Should I Add Imitation Bacon Bits to My Salad?

McCormick bac'n bits

Fooducate community member Caroline asks:

I have a feeling I already know, but how unhealthy are these [bacon bits] compared to simply using real bacon?

Great question. We analyzed the nutrition label and ingredient list (you can too, by using the free Fooducate app for iPhone and Android). This is what we found:

A serving is 1 tablespoon, which is about a quarter of an ounce. It has only 30 calories, but about 180 mg of sodium (8% of the daily maximum). Based on the nutrition facts panel, you may be thinking to yourself that this is a great salad topping.

Let’s take a look at the ingredient list and then decide:

Textured Soy Flour, Canola Oil, Salt, Caramel Color, Maltodextrin, Natural and Artificial Flavor, Lactic Acid, Yeast Extract, Disodium Inosinate and Disodium Guanylate (Flavor Enhancers), and FD&C Red 40

As you can see, there is no real bacon here, so clever food scientists had to concoct a good enough alternative. The soy flour mixed with canola oil provides the mouth feel. The artificial Red 40 and Caramel color provide the visual cue (and potentially a host of health problems). The Disodium Inosinate and Disodium Guanylate provide an umami flavor to foods. They are often found together with MSG. In this product, the yeast extract mimics the behavior of MSG (monosodium glutamate). For people with sensitivities to MSG, this is a product to stay away from.

How does this food-like item compare to real bacon?

If you fry a strip of bacon in its own fat, you’ll get a quarter ounce of bliss for about the same amount of calories as a serving of the aforementioned “bits”.  For the pleasure of eating real food, you will need to pay with the extra steps of frying and crumbling the bacon. Or, you could buy a package of bacon bits made with real bacon.

What would really be great, is to add other toppings with healthier fats, for example toasted sesame seeds or sunflower seeds. Just a thought…

What toppings, if any, do you add to your salad?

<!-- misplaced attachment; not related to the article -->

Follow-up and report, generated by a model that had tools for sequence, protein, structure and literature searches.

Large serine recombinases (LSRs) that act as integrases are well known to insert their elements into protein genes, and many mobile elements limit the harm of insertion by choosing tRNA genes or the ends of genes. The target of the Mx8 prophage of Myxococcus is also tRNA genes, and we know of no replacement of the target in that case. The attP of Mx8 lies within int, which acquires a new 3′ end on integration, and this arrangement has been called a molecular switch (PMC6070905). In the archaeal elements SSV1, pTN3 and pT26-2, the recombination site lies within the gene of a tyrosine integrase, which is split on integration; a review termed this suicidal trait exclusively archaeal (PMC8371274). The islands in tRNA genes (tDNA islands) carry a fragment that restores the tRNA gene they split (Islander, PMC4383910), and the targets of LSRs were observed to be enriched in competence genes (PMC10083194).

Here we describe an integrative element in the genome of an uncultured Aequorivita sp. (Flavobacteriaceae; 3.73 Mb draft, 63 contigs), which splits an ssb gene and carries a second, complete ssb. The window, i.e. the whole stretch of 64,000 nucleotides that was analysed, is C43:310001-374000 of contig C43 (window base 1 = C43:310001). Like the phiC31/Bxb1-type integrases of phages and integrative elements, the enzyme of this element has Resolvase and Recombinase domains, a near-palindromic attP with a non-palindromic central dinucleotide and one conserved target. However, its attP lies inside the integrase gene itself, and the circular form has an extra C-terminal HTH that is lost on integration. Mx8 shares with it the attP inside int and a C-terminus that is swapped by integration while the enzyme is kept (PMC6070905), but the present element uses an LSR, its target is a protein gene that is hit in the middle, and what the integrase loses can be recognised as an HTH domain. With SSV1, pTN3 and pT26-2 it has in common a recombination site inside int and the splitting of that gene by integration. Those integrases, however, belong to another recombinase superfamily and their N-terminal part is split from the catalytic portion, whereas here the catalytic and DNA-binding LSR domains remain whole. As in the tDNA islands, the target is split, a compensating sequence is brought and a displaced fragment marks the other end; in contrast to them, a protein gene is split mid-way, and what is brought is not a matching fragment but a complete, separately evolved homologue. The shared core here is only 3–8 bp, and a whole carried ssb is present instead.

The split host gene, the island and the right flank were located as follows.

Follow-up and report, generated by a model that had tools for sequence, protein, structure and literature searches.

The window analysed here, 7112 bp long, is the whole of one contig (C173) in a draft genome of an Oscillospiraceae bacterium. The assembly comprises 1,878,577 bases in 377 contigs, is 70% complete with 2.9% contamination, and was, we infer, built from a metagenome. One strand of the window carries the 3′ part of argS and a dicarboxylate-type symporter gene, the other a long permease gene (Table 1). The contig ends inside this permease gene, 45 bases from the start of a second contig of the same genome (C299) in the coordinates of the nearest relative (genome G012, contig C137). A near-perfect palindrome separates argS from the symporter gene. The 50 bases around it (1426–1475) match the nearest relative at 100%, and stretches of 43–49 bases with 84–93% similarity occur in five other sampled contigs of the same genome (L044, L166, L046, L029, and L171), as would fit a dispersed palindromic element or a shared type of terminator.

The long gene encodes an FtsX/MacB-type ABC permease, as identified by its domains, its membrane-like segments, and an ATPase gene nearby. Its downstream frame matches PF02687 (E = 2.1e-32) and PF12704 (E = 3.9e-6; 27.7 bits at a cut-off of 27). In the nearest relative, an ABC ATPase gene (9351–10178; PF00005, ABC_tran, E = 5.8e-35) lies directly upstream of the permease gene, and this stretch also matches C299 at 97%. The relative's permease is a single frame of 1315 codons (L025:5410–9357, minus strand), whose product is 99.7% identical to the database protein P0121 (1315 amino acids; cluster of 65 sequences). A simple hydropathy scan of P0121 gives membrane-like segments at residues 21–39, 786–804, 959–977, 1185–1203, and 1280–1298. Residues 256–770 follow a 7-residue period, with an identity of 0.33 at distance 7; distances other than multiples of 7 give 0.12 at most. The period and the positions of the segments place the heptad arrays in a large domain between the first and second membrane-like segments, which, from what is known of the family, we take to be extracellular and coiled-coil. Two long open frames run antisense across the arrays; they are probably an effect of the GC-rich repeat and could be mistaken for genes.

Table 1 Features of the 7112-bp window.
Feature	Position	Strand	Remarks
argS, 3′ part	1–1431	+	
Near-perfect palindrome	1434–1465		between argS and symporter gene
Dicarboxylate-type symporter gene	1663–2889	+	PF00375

• Karen

    I’ve haven’t tried to make them but I wonder how those roasted chickpeas would do for a potato topping. I’ve been meaning to try them for some time now.

    My question is sorta related but I’ve wondered how bad (Wight’s) Liquid Smoke is for you. I’ve been trying to get away from using meats/bones in my homemade soups but miss the smoked flavor. Is this just as bad? Thanks.

    • Dan

      No reason to get away from meats/bones provided they are from a healthy source!

      • Rig

        Maybe one wants to get away from meat/bones to have a healthy vegetarian diet. Duh.

  • Crystal

    It’s always best to stay away from substitutes altogether. I rather eat whole foods, than some “mystery” food item. Just look at it this way if you can’t trace back to it’s origins, don’t eat it!

  • Jen Blacker

    Costco’s Kirkland brand of bacon bits is all real. I’ve been buying it for years to use in pizza and soups. Once opened you need to put it in the fridge since it is real food. It is available online and in the store. Real ingredients and tastes so much better than the fake crap. It’s a wonderful shortcut when you forget to take down bacon from the freezer to use in recipes.

  • Sean H.

    Spicy Wasabi Roasted Edamame and pole caught tuna is all I need . Olive oil and balsamic..

  • overseaschinese

    In China, such companies will be out of business! The government would just eradicate top level management! It’s FAKE food!

    • HP

      Hahahahahahhaha! China? Concerned about fakery?? Hahahhahaha!

      • BeeFrmNYC

        Exactly.. they created imitation crabmeat & Roman noodles jointly with Japan cuisine.

  • Art Riechert

    Yeah but they wouldn’t taste like bacon.

  • N.F.

    Shouldn’t you pretty much avoid eating ANYTHING labeled imitation?

  • laura

    Eat these they are much healthier than real bacon and no pigs we harmed!!